For example, let’s say that your strength is graphic design. Understandably, you’ll want to make your portfolio all about graphic design. However, it’s highly recommended to put in other artworks that aren’t graphic design. Throw in some original paintings in there, or sculptures, drawings, and the like. Basically, just show off what other artistic things you can do besides your one true artistic passion.

Diversifying your chosen medium is great for the same reason as the previous tip. It shows that you have more than one skill set and that you can easily move from one medium to the next with no problem at all. It shows your versatility as an artist, and versatility is incredibly impressive.

Artworks That Demonstrate Your Brainstorming, Thinking, and Ideas

Your art portfolio isn’t just there to show off your technical skills to the school administrators. It is also there to show off your personal ideas and expression. Administrators will want to see you express an opinion, a narrative, an emotion, a mood, even a political statement if you want, in your artworks.

In other words, they want your artworks to be more than just visual eye candy. They also want to be able to see that you’re trying to communicate with your artworks and that what you’re trying to communicate clearly seeps through.

Fully Realized Artworks

This is a no-brainer. Of course, the artworks that you put in are the ones that have been 100% fully realized. This means there should be no white backgrounds, no dirty fingerprints, no ripped edges, etc., on your artwork copies in your portfolio. They all should be as clean and as perfect as they possibly can be.

However, as was mentioned before, there is an exception for this tip. It’s true that most art schools will require only finished products. But there are others that will allow you to put in unfinished ones as well. If the school you’re applying to is one of them, take advantage of it. Include at least or two images from your sketchbook. This is because unfinished artworks allow the administrators to see your thinking, brainstorming, and sketching process. And seeing the process is important for some because it really shows a deeper side of your artistic skill.

So, throw in a few unfinished pieces. But remember: you only need to put in a few. One or two images will do. Don’t go overboard with that.

Strong Drawings

A lot of art professors will tell you that accomplished drawings are the heart of a successful portfolio. It doesn’t matter what specialization you have — strong drawings are required nevertheless.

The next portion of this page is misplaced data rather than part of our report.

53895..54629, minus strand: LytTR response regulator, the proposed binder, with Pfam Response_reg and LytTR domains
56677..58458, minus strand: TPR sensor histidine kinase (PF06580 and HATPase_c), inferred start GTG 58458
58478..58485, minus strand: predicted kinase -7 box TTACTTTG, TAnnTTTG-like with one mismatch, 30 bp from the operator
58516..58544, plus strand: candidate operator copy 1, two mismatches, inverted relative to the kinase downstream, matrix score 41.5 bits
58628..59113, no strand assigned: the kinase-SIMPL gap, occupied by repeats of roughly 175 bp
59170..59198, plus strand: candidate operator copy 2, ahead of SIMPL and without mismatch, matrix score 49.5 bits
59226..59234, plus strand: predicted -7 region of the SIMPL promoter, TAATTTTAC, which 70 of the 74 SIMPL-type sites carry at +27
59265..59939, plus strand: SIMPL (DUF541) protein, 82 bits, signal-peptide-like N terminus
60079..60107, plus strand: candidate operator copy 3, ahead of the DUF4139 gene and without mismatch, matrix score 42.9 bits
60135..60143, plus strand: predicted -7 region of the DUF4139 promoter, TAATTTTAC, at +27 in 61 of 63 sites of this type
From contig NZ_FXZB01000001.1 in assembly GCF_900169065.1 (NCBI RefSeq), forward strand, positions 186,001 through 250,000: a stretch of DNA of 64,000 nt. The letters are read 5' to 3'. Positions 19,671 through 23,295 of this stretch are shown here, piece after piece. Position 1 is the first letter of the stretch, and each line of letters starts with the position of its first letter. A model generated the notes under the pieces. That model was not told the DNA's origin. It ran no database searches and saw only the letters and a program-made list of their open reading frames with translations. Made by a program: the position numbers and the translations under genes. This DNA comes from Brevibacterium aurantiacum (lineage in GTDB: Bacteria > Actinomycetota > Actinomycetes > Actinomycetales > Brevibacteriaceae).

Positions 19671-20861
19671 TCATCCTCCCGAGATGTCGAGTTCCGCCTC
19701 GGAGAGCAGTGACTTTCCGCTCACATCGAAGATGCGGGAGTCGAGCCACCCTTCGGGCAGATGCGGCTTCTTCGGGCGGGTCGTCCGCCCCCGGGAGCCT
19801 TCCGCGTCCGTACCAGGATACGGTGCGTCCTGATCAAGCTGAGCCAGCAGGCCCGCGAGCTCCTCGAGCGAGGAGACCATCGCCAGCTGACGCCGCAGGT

The reason why hand-sketched drawings are essential in portfolios is primarily technical. Drawings allow the administrators to see how you are able to record shape and form, detail, perspective, proportion, and surface quality. In other words, drawings are where you get to showcase your basic understanding of the fundamentals of art. And though we have mentioned how passion and personality are important in your portfolio, the technical side of things is important as well.

Excellent Photographs of Your Artworks

Of course, the pieces that you’re putting into your portfolio aren’t the original copies. They’re simply duplicates. After all, you’ll be applying to multiple art schools, so you’ll need a lot of copies. Plus, you’ll definitely want to keep the original copies for yourself.

So, you’ll have to reproduce your artworks — how you do it is entirely up to you. Some people simply photocopy, others choose to hire a professional photographer, while others rely on scanning. Some might even just choose to use their smartphones. There is no wrong way to duplicate your artworks.

But there is something that you should keep in mind: make sure that the duplicate copies are of high-quality. After all, the last thing you’ll want is to jeopardize your chances of getting into your preferred art school because your artwork images are blurry.

Takeaway

In the year 2019, more and more people are applying to art schools. On the one hand, this is great news because it means art becomes even more prevalent day by day. But on the other hand, it is also bad news, especially for you, because now you have more competition. If you really want to get in, you have to stand out from the crowd. And to be able to do that, you need to have a perfect art portfolio.

The tips mentioned in this post are meant to help you in your process of creating your very own portfolio. Read them carefully and take them as you will. Apply them to your own process, and hopefully, you’ll get into the art school of your dreams.